n missed = 0.0406958 n transitions

ρ f alse =

n false n transitions

=0

(16.6)

By looking at Fig. 15.9 we can appreciate how ρmissed has decreased while ρfalse = 0 again. So even when applied to the SRM this new procedure performs better with less information.

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Fig. 16.6 We compare the behaviour of the occupation plot and the frequencies of the most occupied strategies (blue curves) in the SRM with the alarms given by our new procedure. One can clearly see how after every alarm the system changes its configuration Fig. 16.7 Distribution of the t in the SRM

0.025

Distribution

0.02 0.015 0.01 0.005 0

0

50

100

150

Time Steps

16.4 Discussion and General Conclusions for Part IV The idea of this chapter was test the results we have obtained in the previous chapter against the lack of information on the system one wants to study. For this reason we have started by introducing an error in the interactions : observing a system one doesn’t know precisely how to quantify the interaction between the components of the system and any estimation would be to some extent wrong. It was therefore important to check the robustness of the method to an error in their estimation. The fact that for relatively large errors the method’s performance stayed good (80% of predicted transition with σ = 0.2), is indeed a promising result. This was a necessary condition (unfortunately not sufficient) for the method to be applicable to real systems. Moreover when dealing with real systems, besides wrong interactions, one has to work with partial knowledge on the structure of the system. In the naive procedure of the previous Chapter we made use of complete knowledge on the possible components that could enter the system. This means we were able to guess the characteristics of the toxic components before they were even activated. These were the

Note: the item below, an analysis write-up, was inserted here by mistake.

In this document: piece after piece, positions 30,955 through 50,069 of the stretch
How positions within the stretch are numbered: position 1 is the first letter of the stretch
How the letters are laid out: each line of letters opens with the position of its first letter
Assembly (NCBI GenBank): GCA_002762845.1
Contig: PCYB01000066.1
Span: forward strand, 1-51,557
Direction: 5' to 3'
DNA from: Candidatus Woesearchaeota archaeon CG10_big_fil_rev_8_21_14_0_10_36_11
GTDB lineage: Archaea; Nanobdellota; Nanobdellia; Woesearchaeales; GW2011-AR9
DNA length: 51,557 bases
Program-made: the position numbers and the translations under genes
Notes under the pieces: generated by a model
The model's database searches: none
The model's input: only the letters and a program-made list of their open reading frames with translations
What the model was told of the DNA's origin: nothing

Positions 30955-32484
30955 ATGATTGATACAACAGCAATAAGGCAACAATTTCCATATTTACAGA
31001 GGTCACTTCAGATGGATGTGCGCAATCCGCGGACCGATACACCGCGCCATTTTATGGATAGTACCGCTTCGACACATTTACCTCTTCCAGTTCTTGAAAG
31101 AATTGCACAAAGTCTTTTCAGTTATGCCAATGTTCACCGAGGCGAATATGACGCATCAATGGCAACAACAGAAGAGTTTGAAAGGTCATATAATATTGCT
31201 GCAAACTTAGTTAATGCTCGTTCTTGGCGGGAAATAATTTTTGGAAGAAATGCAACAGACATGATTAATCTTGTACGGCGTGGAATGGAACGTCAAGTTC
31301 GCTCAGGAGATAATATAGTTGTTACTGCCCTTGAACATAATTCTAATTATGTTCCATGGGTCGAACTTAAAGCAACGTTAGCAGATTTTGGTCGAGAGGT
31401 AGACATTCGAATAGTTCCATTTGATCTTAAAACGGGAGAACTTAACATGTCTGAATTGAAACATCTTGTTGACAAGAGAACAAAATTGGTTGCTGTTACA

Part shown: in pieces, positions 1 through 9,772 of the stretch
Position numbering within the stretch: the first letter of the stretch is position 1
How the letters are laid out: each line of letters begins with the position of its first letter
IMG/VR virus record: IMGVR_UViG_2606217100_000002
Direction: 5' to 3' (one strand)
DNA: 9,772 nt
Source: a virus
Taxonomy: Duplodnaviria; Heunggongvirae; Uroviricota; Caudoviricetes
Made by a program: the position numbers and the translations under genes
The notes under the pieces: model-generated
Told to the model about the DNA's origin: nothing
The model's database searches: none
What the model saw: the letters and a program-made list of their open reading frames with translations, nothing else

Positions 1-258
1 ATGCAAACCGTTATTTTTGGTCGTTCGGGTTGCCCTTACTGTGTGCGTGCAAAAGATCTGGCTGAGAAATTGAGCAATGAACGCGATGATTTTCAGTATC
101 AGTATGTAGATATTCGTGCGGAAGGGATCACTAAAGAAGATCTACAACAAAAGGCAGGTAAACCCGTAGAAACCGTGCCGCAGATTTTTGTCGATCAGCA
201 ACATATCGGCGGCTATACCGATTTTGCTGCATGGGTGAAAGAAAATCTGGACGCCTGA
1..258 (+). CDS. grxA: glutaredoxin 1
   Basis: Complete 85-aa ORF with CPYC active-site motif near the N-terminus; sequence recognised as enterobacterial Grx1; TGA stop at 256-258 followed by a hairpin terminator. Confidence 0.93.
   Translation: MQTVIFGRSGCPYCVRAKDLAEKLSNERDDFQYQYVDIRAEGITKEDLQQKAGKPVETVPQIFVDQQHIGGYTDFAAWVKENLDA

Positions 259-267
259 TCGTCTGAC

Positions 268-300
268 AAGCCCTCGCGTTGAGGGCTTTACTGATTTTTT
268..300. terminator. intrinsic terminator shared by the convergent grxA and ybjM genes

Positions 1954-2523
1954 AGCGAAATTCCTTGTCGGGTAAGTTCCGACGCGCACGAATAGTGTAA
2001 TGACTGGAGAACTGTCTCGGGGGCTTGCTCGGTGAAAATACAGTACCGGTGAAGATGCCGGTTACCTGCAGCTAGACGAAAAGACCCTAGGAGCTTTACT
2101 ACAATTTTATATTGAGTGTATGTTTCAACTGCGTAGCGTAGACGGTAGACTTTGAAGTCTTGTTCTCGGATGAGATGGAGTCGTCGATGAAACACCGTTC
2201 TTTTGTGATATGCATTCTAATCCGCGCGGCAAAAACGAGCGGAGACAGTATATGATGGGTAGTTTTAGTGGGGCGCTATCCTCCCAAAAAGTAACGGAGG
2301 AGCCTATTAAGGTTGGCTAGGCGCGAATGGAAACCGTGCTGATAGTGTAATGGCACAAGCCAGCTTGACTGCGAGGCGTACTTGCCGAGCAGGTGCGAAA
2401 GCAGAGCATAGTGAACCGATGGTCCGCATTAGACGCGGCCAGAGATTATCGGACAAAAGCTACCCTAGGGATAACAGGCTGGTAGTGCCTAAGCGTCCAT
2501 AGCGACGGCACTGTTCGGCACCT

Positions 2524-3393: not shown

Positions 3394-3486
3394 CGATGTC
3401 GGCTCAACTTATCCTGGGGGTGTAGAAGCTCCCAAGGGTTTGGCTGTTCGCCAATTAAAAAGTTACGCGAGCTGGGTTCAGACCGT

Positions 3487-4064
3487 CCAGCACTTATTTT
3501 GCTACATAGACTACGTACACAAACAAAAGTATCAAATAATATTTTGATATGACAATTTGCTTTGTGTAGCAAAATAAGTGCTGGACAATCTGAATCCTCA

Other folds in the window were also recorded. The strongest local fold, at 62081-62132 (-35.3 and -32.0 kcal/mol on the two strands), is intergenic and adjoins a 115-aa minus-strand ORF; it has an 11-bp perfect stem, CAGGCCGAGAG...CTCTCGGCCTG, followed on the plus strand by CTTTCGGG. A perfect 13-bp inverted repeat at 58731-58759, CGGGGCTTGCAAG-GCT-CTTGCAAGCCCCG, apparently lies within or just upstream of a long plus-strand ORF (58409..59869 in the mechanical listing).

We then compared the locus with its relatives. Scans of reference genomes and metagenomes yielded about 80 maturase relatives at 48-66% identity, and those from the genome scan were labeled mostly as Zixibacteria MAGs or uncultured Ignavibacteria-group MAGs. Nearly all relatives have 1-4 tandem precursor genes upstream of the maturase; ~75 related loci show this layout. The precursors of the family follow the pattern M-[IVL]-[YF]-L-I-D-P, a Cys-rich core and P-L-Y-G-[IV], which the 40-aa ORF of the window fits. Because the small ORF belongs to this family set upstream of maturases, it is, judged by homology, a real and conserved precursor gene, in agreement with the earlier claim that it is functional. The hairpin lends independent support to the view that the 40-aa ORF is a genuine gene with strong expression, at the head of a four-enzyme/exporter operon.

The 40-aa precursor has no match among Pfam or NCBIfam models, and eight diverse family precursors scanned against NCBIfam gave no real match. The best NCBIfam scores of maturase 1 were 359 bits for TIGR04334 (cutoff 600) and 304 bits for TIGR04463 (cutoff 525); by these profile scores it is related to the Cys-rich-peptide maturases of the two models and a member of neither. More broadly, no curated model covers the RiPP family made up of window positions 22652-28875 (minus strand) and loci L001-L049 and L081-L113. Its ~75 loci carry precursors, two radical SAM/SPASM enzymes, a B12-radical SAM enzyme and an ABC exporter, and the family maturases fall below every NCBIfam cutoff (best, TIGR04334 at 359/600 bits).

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ones the e+ pointed at. Once again this is not a realistic situation. To overcome this problem we have changed the procedure making use of the same theoretical results. Indeed the new procedure is completely inspired by the previous one but only makes use of the information on the active network. Besides being realistic by analysing the results showed in this chapter and comparing them with the one of the previous one it is clear we have remarkably improved the performance of the stability indicator. For our future work we wish to test what presented here to a real data. Of course the situation pictured in this chapter, even if closer to a real system, stays quite stylised and keeps making use of information that perhaps one would struggle to have in a real systems, like a descriptive mean field equation. But building a data driven model with the rapid development towards big-data sampling capacity in many areas of science is increasingly becoming a possibility. Let us present some general conclusions for Part IV. A complex emergent property of large dynamical systems, formed by many interacting components, as we have seen appears to be the formation of rare extreme events, which lead the system to a transition from one configuration to another. These can be financial crashes, in socio-economical systems, punctuations in evolving biological ecosystems and of many other examples we have cited in this part. These transitions all share the role of primary importance they play in the evolution of such systems. It is now common knowledge that these are endogenously generated by the dynamic of the system themselves and not by external stochastic perturbations. Given the big changes theses bring and the often catastrophic rearrangements they cause, their study have gathered an ever growing interest in the past decades. As we have seen, some physicists have seen the occurrence of a transition as a sign of a spontaneous organisation around a critical state where reorganisation of all sizes occur. In this optics transitions are often called avalanches and work as a release of tension, that is subject to a slow and spontaneous increase. Other describe them using analogies with physical systems going through a phase transitions. The comparison is indeed appealing and the great success statistical physics has had in describing these phenomena, bridging microscopic and macroscopic scales, made many people do, perhaps correctly, it was the right domain in which to study and analyse transitions in other contexts. Moreover others justify their occurrence with an internal change of the microscopic dynamics, and see in the super-exponential growth an early-warning signal of their arrival. Despite the countless efforts we are still far from a general theory capable of describing this particular intermittent evolution. In this part we have proposed a new approach to solve this problem. Our claim is that in order to forecast such a complex and heterogenous process, one cannot simply rely, like very often people do, on the observation of a single macroscopic variable. Methods based on the analysis of a time series have constantly proven themselves either wrong or not right enough, and present often contradictory results. We believe that some information on the details of the system is necessary and must be possessed. Using Einstein’s words “make everything as simple as possible but not simpler”. We believe the approaches attempted in the past make things too simple. Our starting point has been exactly the opposite, and perhaps our method does suffer of the opposite problem.